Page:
The mesh laundry bags, which have been in use for about five years, are the second or third generation of bags used at the jail, Judd said. In place of the cord, which helps keep the clothes in the bag when being washed, the jail will use plastic zip ties.

But the use of the ties might prove too cumbersome for detention deputies, who must collect them each time to prevent inmates from shaping the plastic into weapons, Judd said.

Deputies will conduct Garry's death investigation and an internal investigation into the jail's procedures, policies and reactions to the suicide. The State Attorney's Office will review the findings by the Sheriff's Office.

The Polk County Medical Examiner's Office conducted an autopsy Wednesday that confirmed that Garry died by hanging.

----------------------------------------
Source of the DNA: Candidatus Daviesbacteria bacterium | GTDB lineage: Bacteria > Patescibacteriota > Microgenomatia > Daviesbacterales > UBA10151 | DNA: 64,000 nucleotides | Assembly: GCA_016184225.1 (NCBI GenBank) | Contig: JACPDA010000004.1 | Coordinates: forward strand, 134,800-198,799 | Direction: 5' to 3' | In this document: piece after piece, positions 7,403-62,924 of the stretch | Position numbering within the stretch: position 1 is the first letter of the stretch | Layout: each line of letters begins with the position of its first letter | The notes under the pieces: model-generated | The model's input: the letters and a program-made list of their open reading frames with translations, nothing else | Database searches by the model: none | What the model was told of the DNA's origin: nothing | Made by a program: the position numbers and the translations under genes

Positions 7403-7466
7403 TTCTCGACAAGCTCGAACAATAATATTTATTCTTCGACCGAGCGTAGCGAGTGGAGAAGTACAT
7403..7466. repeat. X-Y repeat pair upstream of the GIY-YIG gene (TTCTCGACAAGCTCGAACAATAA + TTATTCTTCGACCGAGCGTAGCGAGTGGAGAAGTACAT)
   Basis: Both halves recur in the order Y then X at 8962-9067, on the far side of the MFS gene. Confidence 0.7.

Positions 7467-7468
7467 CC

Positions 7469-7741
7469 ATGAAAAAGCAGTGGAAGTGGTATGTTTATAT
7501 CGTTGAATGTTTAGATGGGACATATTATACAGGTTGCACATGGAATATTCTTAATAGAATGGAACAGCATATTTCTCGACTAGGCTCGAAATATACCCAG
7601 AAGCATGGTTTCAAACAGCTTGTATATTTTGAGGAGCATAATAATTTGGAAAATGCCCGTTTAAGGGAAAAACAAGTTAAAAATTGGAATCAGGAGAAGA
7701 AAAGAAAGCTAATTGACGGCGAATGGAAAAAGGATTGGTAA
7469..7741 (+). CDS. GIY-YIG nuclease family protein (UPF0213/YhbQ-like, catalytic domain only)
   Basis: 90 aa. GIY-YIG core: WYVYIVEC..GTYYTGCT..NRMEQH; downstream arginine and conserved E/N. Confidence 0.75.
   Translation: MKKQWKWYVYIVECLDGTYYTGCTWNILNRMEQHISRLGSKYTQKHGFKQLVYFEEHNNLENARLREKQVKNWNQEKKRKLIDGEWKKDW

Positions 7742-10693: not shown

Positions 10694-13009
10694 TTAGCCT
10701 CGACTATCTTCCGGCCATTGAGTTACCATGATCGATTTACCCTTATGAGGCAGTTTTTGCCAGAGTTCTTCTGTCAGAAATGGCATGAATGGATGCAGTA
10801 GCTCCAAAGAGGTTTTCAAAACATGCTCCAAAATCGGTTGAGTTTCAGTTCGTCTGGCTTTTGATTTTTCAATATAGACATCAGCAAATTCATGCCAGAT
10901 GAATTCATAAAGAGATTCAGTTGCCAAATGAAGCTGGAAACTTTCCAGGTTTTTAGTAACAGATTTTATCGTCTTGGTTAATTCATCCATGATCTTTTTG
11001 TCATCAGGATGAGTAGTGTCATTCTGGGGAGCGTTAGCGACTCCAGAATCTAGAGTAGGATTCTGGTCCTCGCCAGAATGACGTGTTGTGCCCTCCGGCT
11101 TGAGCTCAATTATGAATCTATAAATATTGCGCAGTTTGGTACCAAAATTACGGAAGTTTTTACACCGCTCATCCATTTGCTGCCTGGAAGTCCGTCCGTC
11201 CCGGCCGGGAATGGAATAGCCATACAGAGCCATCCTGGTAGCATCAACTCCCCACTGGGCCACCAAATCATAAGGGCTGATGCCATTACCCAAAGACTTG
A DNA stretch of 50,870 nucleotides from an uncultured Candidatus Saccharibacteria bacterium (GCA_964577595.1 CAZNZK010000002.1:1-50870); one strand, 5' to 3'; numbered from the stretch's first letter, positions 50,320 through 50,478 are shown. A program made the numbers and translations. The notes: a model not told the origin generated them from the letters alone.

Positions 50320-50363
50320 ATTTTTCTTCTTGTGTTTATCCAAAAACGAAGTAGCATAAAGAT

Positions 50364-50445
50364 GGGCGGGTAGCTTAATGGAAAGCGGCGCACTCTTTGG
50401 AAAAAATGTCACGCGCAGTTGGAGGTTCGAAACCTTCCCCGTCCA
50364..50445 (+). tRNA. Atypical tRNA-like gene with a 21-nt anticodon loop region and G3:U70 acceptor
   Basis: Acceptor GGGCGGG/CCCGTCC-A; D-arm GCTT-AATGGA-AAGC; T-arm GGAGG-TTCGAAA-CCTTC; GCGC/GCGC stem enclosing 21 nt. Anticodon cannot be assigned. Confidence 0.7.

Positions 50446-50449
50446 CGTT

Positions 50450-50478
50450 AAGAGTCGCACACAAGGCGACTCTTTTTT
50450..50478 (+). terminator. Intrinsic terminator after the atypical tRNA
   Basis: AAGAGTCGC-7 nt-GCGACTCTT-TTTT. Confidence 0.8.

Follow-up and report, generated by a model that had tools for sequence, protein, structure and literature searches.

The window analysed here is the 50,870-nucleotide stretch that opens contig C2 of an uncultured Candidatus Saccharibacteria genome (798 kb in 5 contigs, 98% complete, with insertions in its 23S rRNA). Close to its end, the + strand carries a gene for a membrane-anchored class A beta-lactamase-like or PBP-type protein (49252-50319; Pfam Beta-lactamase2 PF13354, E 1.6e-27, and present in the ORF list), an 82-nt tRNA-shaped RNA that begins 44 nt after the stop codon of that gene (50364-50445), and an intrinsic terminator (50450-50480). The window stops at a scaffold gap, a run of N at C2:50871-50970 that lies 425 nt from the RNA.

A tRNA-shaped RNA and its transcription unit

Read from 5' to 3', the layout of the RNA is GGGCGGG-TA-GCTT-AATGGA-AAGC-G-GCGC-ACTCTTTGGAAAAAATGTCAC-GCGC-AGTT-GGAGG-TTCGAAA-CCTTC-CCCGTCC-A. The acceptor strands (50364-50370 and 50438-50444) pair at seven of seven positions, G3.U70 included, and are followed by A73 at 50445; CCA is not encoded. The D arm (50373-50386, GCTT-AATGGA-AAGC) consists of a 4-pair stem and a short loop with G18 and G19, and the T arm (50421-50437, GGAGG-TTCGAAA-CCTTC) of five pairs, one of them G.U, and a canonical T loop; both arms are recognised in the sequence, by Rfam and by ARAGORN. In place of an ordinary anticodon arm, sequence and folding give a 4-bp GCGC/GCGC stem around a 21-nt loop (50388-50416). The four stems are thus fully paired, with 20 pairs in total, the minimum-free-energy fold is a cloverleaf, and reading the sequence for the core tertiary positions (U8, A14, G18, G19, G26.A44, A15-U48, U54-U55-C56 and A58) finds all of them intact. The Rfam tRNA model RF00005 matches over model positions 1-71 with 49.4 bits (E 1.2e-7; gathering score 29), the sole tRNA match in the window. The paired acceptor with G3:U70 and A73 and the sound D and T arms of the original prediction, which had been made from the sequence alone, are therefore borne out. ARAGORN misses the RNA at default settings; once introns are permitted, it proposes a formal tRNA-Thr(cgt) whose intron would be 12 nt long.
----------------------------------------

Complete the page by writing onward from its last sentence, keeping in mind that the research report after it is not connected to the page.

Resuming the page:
During this past year, the Polk County jail booked in about 31,000 people, Judd said. "These folks are busy all the time. Occasionally, one of those 31,000 people are going to do absolutely irrational acts.

"People have free will," Judd said. "If we could take all the strings and bedsheets away, what's to keep them from jumping off the second-floor balcony and taking a head dive onto the concrete floor below? You can't make a jail suicide-proof."

Items such as razors and other materials that could be fashioned into weapons and given to inmates are carefully monitored and inventoried, Wilder said.

Meanwhile, friends of Garry's are questioning why he was placed in the special-needs unit at the Polk County Jail rather than on suicide watch after deputies were told he left a suicide note.

According to Migdalia Denizard, 58, with whom Garry was living, Garry had written a note addressed to her and her daughter stating he would "see you in heaven" the night he was arrested at her house and charged with two counts of arson and four counts of attempted murder for setting fire to his ex-wife's apartment.